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Friday, September 23, 2016

Finding Your Way

                                   by Dana McNeely

Soon after I obtained my driver’s license, I learned the most ominous words in the English language. As I prepared to embark on my first cross-town errand, my mom rattled off directions involving cross streets, stop signs, and a fire hydrant on the corner. She closed with these words, which first inspired confidence, later fear:

You can’t miss it.

In writing, as in the rest of life, you can indeed get lost. Not everyone has a finely honed sense of direction, but if you get lost, you can find your way again! I struggle with plot. You may struggle with characterization, pacing, or dialogue. Writing workshops and craft books can inspire and guide our writing journey, but they can also overwhelm us. This is when we need to stop, breathe, and think about how we do our other work - our day job, caring for our family, planning a get-together with friends. We plan. We make lists. If we need  something, we go out and get it.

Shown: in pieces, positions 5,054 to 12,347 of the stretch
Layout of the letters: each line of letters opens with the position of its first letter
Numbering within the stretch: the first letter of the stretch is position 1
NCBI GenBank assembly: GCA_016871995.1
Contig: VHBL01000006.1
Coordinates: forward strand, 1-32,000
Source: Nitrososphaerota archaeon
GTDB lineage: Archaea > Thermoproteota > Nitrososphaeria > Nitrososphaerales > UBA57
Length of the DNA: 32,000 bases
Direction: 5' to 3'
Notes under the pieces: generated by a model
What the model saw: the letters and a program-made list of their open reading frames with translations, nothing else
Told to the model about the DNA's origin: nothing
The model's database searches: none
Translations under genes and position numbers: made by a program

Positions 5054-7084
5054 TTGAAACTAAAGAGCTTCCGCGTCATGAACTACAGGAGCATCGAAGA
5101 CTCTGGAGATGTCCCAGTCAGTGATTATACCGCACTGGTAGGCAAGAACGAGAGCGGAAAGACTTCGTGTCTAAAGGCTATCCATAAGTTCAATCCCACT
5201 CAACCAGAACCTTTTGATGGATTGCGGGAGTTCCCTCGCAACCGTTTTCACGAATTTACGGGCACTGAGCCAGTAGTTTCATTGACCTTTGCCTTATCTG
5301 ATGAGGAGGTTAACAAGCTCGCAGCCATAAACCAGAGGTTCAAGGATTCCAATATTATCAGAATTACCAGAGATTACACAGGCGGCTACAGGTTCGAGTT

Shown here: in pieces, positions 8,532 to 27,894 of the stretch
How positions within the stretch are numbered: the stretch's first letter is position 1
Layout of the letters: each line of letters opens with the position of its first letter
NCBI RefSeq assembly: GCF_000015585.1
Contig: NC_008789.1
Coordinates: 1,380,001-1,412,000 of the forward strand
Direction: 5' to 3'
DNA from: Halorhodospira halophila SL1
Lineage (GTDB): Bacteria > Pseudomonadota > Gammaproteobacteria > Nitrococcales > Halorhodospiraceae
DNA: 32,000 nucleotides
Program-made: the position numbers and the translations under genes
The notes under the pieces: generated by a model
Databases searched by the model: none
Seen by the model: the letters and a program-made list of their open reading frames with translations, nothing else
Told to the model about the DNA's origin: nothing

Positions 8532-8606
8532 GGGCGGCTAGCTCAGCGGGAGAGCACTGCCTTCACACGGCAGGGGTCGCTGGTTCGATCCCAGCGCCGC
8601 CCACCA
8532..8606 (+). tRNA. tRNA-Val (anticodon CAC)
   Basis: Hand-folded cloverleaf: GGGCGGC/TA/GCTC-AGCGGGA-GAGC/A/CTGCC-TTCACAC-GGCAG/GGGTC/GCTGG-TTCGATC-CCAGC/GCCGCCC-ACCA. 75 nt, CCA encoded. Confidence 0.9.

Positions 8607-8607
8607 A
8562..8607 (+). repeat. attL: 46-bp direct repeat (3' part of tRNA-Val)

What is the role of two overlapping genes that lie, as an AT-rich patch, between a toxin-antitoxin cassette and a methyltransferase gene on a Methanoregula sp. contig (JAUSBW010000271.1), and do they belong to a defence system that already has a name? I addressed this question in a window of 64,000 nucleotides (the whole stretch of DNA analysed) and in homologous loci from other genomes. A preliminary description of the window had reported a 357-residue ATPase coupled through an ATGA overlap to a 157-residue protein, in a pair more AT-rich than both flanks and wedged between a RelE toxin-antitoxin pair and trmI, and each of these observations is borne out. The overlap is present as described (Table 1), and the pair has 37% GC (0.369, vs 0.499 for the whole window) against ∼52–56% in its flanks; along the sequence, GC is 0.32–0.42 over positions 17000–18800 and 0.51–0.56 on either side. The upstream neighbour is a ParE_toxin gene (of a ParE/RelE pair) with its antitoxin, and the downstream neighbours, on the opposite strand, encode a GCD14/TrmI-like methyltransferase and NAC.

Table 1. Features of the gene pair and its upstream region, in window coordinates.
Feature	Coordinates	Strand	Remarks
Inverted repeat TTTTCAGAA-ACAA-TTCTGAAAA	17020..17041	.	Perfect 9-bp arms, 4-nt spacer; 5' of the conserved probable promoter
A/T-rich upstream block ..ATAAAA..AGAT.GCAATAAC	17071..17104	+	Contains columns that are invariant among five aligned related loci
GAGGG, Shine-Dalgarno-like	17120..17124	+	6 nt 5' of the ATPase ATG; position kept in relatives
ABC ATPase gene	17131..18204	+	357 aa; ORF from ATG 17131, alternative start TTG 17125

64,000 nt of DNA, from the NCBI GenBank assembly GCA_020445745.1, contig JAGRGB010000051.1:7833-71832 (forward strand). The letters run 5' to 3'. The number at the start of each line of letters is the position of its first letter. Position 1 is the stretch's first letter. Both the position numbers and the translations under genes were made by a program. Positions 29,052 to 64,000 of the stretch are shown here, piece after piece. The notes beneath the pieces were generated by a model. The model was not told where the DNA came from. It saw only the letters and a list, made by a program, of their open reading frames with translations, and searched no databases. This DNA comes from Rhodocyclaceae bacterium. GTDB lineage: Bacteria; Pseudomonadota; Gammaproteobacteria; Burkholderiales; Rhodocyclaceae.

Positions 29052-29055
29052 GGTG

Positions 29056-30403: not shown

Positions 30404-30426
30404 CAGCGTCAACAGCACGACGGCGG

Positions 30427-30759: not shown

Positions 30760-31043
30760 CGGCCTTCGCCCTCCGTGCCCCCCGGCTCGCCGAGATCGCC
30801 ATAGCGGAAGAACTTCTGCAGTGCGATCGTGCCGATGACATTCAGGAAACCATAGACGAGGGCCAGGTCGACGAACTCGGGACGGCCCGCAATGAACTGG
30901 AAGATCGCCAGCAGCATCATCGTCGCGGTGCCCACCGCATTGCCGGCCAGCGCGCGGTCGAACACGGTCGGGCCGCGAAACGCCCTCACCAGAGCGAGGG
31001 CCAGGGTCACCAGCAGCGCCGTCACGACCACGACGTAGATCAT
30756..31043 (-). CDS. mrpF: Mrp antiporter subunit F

The Germ of an Idea

Ideas sneak up on us like a sports car in our blindspot. Pull over, grab your notebook, and write the complete idea - everything in your brain at that moment. Don’t just write “green hedgehog” because later, you’ll have no idea what that meant. Next, sit down and explore that idea. Make lists of things that might happen, where they happen, and who they happen to. Think about your main character, her friends, and her opponents. What are the worlds she lives in? There are probably more than one - her home and neighborhood, her work, where she goes for fun. What are the connections between the people in those worlds? Make sure there are connections - and collisions.

Small Goals